Can Supercars ‘Big Bash’ races be a success?

Jawad Yaqub Roar Guru

By , Jawad Yaqub is a Roar Guru

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    Such has been the success of the Twenty20 format in cricket and the Big Bash domestic competition, that it is a formula that Supercars is looking pursue for the future.

    The Australian touring car series is set to have a trial under lights at Sydney Motorsport Park, as it investigates the prospect of staging fast-paced and fan-friendly Big Bash style racing for 2018.

    “We want to create something unique and we are always looking to innovate and grow the sport,” stated Supercars CEO James Warburton when speaking of the upcoming test.

    “The runaway success of the Big Bash has shown people are looking for new, short forms of sporting entertainment, without necessarily taking away the traditions of the sport.

    “Cricket has suddenly found a whole new audience and, importantly, encouraged kids to grab a bat and a ball. And the Big Bash lives comfortably within the traditional fabric of the game.

    “It (a Supercars ‘Big Bash’) will be a maximum of a three-hour event in 2018, it will count for championship points and most likely we will be looking to run the event on a Thursday night

    “At this stage, it’s all conceptual but if the test is successful we want it in the schedule for 2018 and beyond.”

    Never before has such a proposal has been brought forward in any motorsport, with it going against the grain of a traditional weekend-long race meeting. Though with Supercars struggling to attract casual viewers, a Big Bash style event could be what brings on board new fans.

    Non-race fans will profess the all-day aspect of motorsport is what fails to keep their attention and the same sentiment would have been applied to Test cricket when looking at the advent of Big Bash – as it struggles to draw in large crowds in comparison.

    Condensing a race weekend into the space of three hours and staging it during the evening, would theoretically win over the crowds who don’t view entire weekends and those who are unavailable to be trackside or view on television during the day.

    What has been a winner for the Big Bash also, has been the fact that during the Australian summer it is on TV every night and its four-hour slot, is one to not monotonise proceedings.

    While logistically it would be impossible for Supercars to be race on multiple occasions during the week, the idea still of having prime-time racing is desirable – with the notion of having these Big Bash races scattered throughout the championship season.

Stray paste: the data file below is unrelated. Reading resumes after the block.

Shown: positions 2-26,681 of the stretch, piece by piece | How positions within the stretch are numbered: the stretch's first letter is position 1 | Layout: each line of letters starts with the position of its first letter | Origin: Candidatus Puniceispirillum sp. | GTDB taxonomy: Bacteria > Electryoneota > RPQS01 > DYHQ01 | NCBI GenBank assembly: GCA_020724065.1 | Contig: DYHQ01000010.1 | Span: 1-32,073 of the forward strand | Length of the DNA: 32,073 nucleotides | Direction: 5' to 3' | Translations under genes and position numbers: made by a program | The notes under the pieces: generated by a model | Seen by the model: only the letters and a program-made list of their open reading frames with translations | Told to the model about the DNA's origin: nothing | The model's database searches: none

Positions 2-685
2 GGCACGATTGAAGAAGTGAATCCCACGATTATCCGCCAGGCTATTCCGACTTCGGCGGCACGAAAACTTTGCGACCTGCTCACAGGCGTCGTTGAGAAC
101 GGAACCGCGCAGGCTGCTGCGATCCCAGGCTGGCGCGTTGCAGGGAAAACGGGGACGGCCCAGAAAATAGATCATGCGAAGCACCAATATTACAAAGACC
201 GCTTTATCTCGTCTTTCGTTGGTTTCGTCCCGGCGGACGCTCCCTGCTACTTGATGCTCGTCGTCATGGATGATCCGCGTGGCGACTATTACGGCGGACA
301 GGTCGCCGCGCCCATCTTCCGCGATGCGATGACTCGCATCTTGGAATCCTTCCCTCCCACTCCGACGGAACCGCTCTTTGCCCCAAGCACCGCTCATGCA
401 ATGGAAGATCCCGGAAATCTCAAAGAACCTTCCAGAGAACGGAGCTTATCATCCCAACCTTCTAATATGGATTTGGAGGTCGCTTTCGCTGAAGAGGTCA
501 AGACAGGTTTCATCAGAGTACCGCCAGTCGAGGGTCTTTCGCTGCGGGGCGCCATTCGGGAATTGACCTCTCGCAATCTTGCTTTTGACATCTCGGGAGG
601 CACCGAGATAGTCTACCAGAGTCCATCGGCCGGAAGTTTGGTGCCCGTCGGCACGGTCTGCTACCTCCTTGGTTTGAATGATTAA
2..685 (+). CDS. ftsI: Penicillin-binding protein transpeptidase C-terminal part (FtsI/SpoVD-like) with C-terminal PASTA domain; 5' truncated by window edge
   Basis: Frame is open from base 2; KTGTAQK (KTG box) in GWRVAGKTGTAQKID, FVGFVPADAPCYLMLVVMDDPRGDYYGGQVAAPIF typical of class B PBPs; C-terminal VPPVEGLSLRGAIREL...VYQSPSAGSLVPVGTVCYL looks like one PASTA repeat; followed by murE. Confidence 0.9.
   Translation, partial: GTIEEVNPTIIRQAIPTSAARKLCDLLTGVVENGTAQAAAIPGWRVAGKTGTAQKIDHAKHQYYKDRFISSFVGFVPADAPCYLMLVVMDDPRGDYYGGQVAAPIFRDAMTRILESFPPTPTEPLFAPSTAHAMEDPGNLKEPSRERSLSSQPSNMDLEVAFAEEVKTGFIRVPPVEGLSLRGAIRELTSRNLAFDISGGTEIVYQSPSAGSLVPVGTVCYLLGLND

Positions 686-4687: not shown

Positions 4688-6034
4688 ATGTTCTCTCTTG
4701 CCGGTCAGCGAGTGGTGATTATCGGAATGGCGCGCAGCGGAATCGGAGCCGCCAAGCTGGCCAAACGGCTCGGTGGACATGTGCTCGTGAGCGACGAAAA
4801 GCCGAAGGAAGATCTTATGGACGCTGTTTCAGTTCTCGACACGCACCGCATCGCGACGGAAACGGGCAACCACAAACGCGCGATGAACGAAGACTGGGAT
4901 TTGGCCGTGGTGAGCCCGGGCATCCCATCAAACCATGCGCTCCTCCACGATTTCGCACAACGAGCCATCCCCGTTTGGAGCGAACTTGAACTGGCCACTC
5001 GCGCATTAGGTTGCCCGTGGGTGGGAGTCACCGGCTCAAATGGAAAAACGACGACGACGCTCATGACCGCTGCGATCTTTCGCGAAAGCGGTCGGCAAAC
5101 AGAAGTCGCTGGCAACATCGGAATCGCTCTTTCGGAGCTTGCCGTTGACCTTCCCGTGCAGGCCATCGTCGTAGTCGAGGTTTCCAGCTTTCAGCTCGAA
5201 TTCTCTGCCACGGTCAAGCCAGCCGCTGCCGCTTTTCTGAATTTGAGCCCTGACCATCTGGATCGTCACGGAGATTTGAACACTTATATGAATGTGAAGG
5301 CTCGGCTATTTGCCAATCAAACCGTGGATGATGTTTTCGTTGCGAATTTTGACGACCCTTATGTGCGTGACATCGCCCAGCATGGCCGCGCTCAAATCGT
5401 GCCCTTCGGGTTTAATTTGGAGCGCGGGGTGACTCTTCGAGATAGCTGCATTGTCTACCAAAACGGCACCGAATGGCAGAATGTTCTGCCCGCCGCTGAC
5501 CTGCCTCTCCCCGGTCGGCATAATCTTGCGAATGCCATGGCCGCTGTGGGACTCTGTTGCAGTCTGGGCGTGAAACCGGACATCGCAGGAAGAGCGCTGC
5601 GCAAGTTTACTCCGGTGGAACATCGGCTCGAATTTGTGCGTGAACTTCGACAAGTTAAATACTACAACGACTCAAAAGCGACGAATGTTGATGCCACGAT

Supercars has traditionally been a simple touring car category to get to grips with, having none of the complex technology seen in Germany’s DTM. Thunderous engines, flames spitting from the exhausts and race cars that are not dissimilar to the sedans driven on the road, are the category’s drawcard.

    The grid too, is bustling with marquee drivers, who have the potential to captivate audiences in the same manner as Big Bash stars such as Chris Lynn, Aaron Finch and Glenn Maxwell.

    It leaves the door open as well, for wildcards to be included for the event, as Supercars has introduced for 2017 with Super2 drivers and teams stepping up to the main game for select events.

    Especially attractive would be drawing international drivers, in the same vein as Big Bash’s heavyweight imports in Dwayne Bravo, Stuart Broad and Brendon McCullum.

    What remains questionable however, is how the format of the event will be structured and whether multiple outings can be afforded throughout the Supercars season. It is difficult to critique this left-field pursuit, without first seeing how it eventuates.

    As long as it is not at the detriment of the season-long championship either, which is still a key platform for the traditionalist fans.

    If anything, Warburton and co should be commended for this decision to investigate the concept. It could very much lead to a global revolution for motorsport, where other renowned categories could in time, look to adopt this formula.